Iran's Interior Ministry announced Saturday that incumbent President Mahmoud Ahmadinejad had won 63.29% of the vote in the country's presidential election a landslide. But Iran's opposition leader Mir-Hossein Mousavi says he won and that the result had been rigged; Mousavi supporters have taken to the streets in Tehran and other cities to protest the official outcome.
Ahmadinejad, for his part, insists that he won fairly, while Iran's Supreme Leader, Ayatullah Ali Khamenei, initially congratulated Iranians for proving their "great worth." The result, Khamenei said, was a "divine assessment." On Monday, though, Khamenei ordered the powerful Guardian Council to investigate the fraud allegations.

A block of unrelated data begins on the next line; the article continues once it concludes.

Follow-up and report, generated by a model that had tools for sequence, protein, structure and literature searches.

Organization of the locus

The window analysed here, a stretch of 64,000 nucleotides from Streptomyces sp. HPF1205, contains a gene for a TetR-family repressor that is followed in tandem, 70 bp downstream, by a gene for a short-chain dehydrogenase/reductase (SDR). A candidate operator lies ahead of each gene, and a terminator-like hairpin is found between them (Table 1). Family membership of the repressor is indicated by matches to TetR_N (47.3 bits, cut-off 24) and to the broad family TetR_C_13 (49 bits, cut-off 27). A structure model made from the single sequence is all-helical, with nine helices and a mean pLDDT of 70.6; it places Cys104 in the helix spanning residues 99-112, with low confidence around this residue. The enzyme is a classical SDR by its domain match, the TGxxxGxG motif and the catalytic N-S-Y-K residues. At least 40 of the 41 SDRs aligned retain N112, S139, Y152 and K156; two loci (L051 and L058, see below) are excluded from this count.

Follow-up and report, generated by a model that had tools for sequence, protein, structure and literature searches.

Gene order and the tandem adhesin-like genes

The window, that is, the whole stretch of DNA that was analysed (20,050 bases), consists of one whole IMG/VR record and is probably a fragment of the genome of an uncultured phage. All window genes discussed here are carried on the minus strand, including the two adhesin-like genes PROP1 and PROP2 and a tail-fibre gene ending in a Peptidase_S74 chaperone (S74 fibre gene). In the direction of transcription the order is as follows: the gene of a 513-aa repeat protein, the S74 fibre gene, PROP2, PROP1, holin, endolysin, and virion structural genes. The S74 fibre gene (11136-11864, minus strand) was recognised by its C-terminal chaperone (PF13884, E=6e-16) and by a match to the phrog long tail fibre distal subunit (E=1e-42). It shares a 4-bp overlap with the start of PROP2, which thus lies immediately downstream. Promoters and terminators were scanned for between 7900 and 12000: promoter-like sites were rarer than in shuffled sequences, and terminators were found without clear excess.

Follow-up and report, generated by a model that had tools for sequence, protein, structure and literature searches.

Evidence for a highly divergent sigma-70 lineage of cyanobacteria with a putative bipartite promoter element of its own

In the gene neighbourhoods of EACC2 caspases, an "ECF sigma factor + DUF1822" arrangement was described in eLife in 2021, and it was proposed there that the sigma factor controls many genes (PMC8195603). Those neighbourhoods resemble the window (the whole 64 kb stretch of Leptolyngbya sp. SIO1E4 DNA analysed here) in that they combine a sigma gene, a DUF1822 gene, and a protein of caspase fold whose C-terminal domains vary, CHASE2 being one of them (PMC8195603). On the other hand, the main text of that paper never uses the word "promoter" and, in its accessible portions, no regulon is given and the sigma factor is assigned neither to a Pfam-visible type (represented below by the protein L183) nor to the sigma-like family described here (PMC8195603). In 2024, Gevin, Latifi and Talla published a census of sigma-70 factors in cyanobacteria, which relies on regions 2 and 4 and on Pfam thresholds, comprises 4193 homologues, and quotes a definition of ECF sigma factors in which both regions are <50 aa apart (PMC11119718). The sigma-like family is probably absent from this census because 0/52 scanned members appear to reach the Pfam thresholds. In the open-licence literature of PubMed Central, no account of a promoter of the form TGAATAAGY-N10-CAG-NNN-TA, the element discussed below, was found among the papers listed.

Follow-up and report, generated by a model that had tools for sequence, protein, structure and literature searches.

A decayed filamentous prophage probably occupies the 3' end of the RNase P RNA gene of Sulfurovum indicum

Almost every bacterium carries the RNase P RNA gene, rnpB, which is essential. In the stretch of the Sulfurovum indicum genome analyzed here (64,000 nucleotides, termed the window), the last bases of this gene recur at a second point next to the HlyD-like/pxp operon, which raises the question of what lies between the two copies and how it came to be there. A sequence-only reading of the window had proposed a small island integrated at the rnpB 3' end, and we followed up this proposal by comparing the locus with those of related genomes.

So far, Washington has taken a cautious approach to commenting on the election, though a senior U.S. official called the results "not credible" and Vice President Joe Biden told Meet the Press that "there's some real doubt" whether Ahmadinejad actually won. "There's an awful lot of questions about how this election was run," he said. Here are five key questions being raised about the legitimacy of the results.